Levitra is an oral therapy for the treatment of erectile dysfunction.
Levitra comes as a tablet to take by mouth. It should be taken as needed about 1 hour before sexual activity. Some form of sexual stimulation is needed for an erection to occur with Levitra. Levitra should not be taken more than once a day. Levitra can be taken with or without food.
Before taking Levitra, tell your doctor if you currently have or have ever had a heart attack, stroke, irregular heartbeats, angina (chest pain), or congestive heart failure; have high or low blood pressure; have a personal or family history of a rare heart condition known as prolongation of the QT interval (long QT syndrome); have liver problems; have kidney problems; have ever had blood problems, including sickle cell anemia, multiple myeloma, or leukemia; have a bleeding or blood clotting disorder; have a stomach ulcer; a family history of degenerative eye disease (e.g., retinitis pigmentosa); or have a physical deformity of the penis such as Peyronie’s disease.
You may not be able to take Levitra, or you may require a dosage adjustment or special monitoring during treatment if you have any of the conditions listed above.
Although Levitra is not indicated for use by women, it is in the FDA pregnancy category B. This means that Levitra is not expected to be harmful to an unborn baby. Levitra should not be taken by women.
It is not known whether Levitra passes into breast milk. Levitra should not be taken by women.
If you are over 65 years of age, you may be more likely to experience side effects from Levitra. Your doctor may prescribe a lower dose of the medication.
Levitra is used as needed, so you are not likely to miss a dose.
Possible Side Effects
The most common side effects with Levitra are–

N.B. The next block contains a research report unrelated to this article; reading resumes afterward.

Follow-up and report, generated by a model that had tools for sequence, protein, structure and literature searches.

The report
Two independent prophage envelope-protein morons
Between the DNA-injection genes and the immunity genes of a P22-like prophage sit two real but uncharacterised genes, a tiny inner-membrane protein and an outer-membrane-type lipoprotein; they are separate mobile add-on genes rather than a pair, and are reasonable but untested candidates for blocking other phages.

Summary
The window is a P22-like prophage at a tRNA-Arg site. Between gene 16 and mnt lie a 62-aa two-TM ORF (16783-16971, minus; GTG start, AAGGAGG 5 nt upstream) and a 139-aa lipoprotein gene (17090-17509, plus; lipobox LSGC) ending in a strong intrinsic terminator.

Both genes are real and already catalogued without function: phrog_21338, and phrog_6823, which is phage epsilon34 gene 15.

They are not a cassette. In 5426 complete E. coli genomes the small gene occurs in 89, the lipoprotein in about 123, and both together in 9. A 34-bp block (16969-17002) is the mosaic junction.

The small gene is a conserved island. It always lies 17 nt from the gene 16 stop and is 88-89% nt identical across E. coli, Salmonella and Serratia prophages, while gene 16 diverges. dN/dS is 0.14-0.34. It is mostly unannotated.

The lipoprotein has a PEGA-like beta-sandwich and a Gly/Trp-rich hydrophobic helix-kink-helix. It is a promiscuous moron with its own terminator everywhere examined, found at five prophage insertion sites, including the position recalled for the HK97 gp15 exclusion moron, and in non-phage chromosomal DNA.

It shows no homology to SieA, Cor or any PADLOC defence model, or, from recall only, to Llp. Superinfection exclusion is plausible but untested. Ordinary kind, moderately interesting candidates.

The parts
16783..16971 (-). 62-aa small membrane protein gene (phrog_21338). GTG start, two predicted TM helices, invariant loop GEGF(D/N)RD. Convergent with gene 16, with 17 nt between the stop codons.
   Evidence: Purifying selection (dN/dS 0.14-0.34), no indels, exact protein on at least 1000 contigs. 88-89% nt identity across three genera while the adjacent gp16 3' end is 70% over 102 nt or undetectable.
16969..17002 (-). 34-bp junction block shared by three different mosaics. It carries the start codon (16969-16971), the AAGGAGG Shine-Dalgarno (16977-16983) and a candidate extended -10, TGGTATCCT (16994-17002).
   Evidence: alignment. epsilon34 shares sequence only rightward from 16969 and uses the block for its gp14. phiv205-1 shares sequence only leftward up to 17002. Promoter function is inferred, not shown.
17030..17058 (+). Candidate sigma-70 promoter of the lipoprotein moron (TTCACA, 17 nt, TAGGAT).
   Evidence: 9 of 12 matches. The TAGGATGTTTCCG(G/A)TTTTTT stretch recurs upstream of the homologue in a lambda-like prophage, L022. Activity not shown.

–Stuffy or runny nose
Levitra may uncommonly cause–
An erection that will not go away (priapism). If you get an erection that lasts more than 4 hours, get medical help right away. Priapism must be treated as soon as possible or lasting damage can happen to your penis including the inability to have erections.
Vision changes, such as seeing a blue tinge to objects or having difficulty telling the difference between the colors blue and green.
These are not all the side effects of Levitra. For more information, ask your doctor or pharmacist.
Store at 25°C (77°F); excursions permitted to 15–30°C (59–86°F). Keep Levitra and all medicines out of the reach of children.
Seek emergency medical attention if an overdose is suspected. Symptoms of a Levitra overdose are not known, but are likely to include chest pain, back pain, dizziness, an irregular heartbeat, abnormal vision, and swelling of the ankles or legs.
Do not take Levitra if you–
–Take any form of medication known as “nitrates”
(type of medicine used to relieve chest pain that can occur as a result of heart disease). Taking Levitra in combination with nitrates may result in serious side effects.
–Take medicines called “alpha–blockers” (sometimes prescribed for prostate problems or high blood pressure). Taking Levitra with alpha–blockers may drop your blood pressure to an unsafe level.
–Your doctor determines that sexual activity poses a health risk for you.
You have a known sensitivity or allergy to any component of Levitra. The use of Levitra offers no protection against sexually transmitted diseases. Counseling of patients about protective measures necessary to guard against sexually transmitted diseases, including the Human Immunodeficiency Virus (HIV), should be considered.
This is only general information, it does not cover all directions, drug integrations or precautions. You should not rely on it for any purpose, it does not contain any specific instructions for a particular patient. We disclaim all responsibility for the accuracy and reliability of this information. We`re not responsible for any damage.